"There are a lot of people we never interact with because we never see them and we might not otherwise get to know them," he continued.
Hickman said students get to learn what police work "really is, rather than what's being talked about."
"It helps to explain what the laws really are, why we do certain things because sometimes in police contact, there are certain things that officers do that, sometimes, people misunderstand," said Hickman.
One common misconception, he said, is that occupants of a vehicle do not have to exit the vehicle if they are asked to during a traffic stop.
"They most certainly do. An officer has the authority to ask someone to get out or stay inside a vehicle," Hickman said. "In the Citizens Police Academy, we go through a traffic stop and you learn how to approach a vehicle, what to look for."
He said the first two CPA classes involve classroom instruction and set the foundation for laws that pertain to arrests, detainment, search and seizure, etc.
"You get a little bit of understanding, overall, of the law," the police chief said. "Then, we get into the hands-on stuff but nothing that puts anyone in a compromising situation or places them in danger."
He reiterated that firearms training is optional for CPA participants on April 29, adding that lunch will be served during the class.
In addition to learning how to conduct a traffic stop and other duties of patrol officers, CPA students will also learn how to investigate a crime scene and conduct a narcotics investigation.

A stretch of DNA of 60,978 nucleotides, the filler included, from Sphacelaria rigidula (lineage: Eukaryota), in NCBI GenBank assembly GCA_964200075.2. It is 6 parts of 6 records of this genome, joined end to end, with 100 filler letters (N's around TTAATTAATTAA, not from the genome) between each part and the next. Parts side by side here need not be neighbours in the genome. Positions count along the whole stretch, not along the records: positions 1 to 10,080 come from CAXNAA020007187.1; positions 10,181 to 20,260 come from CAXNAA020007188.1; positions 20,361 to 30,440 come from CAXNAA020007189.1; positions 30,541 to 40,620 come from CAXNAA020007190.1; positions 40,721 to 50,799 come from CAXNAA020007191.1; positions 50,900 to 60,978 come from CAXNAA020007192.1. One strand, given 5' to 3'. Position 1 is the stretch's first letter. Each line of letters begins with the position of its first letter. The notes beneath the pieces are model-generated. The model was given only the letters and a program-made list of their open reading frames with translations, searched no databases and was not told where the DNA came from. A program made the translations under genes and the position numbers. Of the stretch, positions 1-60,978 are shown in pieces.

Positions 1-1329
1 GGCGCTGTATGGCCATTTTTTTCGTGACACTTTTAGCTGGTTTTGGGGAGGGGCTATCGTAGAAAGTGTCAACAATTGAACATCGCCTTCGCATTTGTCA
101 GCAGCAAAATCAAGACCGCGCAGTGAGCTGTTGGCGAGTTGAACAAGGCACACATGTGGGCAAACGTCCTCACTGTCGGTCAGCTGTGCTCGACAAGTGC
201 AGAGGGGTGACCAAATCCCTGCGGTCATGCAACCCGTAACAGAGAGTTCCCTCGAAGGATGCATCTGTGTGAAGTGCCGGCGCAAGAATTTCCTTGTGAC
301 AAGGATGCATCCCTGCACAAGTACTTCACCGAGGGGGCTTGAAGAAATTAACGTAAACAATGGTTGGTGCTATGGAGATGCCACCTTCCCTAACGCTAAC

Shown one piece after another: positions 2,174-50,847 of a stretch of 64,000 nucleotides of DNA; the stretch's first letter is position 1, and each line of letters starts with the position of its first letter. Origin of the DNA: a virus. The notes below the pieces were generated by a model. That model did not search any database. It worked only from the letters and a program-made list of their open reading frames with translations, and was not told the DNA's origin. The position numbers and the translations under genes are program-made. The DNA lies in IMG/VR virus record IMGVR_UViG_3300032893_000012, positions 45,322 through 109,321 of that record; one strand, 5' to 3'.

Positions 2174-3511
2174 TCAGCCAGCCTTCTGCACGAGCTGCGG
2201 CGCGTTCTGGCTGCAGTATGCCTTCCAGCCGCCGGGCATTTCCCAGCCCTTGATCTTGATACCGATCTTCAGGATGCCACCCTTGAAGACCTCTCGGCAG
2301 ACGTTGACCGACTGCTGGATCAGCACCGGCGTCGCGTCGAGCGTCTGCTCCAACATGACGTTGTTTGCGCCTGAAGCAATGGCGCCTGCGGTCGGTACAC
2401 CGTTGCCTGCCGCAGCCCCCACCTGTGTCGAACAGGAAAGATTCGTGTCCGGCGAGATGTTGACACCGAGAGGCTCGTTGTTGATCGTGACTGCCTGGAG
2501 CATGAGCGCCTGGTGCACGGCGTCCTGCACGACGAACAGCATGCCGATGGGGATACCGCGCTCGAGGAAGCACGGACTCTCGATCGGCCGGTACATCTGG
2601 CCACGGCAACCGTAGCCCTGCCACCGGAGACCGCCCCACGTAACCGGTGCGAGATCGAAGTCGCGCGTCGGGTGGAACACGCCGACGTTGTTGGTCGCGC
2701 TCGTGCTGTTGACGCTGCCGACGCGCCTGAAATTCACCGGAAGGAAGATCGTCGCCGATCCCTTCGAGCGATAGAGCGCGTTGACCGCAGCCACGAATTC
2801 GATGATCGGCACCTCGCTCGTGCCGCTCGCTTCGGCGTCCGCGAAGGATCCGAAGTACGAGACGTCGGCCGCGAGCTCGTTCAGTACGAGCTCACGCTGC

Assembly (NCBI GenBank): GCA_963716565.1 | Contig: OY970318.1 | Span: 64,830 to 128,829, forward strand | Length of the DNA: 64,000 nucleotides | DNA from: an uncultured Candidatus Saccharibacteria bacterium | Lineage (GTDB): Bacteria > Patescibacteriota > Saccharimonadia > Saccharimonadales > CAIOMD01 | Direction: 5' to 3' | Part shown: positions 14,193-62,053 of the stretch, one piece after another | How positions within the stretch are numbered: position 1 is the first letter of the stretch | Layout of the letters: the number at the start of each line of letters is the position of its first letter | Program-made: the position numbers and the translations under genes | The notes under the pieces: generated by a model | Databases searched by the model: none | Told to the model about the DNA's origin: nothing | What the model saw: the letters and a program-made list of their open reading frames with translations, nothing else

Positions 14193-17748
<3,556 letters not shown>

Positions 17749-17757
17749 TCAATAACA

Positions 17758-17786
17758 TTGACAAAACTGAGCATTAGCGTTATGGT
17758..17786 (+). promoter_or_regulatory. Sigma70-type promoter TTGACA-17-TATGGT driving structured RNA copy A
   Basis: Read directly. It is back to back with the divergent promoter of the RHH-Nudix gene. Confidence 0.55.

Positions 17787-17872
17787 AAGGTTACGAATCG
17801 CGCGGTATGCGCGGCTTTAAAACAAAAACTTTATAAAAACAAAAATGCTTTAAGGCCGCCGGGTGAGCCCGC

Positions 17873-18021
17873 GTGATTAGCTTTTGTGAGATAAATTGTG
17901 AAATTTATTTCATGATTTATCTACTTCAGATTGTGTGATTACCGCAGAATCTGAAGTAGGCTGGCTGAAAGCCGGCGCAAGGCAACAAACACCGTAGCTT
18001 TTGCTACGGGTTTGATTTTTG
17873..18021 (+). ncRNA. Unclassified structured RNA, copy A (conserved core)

Emergency dispatchers will also provide details about their job, including how to handle 911 calls.
Former CPA students have touted the benefits of the class.
One former student, a local woman who lost her adult son to gun violence in the 2000s, signed up for the inaugural CPA and said she gained valuable insight into how the EPD investigated her son's homicide and into police work in general.
Another benefit of the CPA is that some graduates went on to become full-time officers with the EPD after successfully completing the necessary testing and training to become certified officers.
During a graduation ceremony on May 30, students will be served dinner, receive a T-shirt and certificate of completion and have the opportunity to provide feedback about the academy.
"It's very rewarding and it's something that we look forward to. We make friends during that time and that's very important," said Hickman. "We're people in the community, too, and we want to have it safe for our families and everyone else's."
To be eligible for the CPA, applicants must:
Be at least 18 years old.
Live or work within El Dorado city limits.
Have no prior felony or violent misdemeanor arrests.
Have had no arrests within the past five years.
Commit to participating in at least 70% of CPA classes.
Undergo a criminal background check.
There are no minimum physical requirements to participate in the course and students will not be required to "do anything they do not wish to."
The CPA does not certify participants to be law enforcement officers.
For more information about the CPA or to request an application to enroll, call Lt. Andrew Russell at 870-881-4810. Applications must be submitted with valid, state-issued photo identification.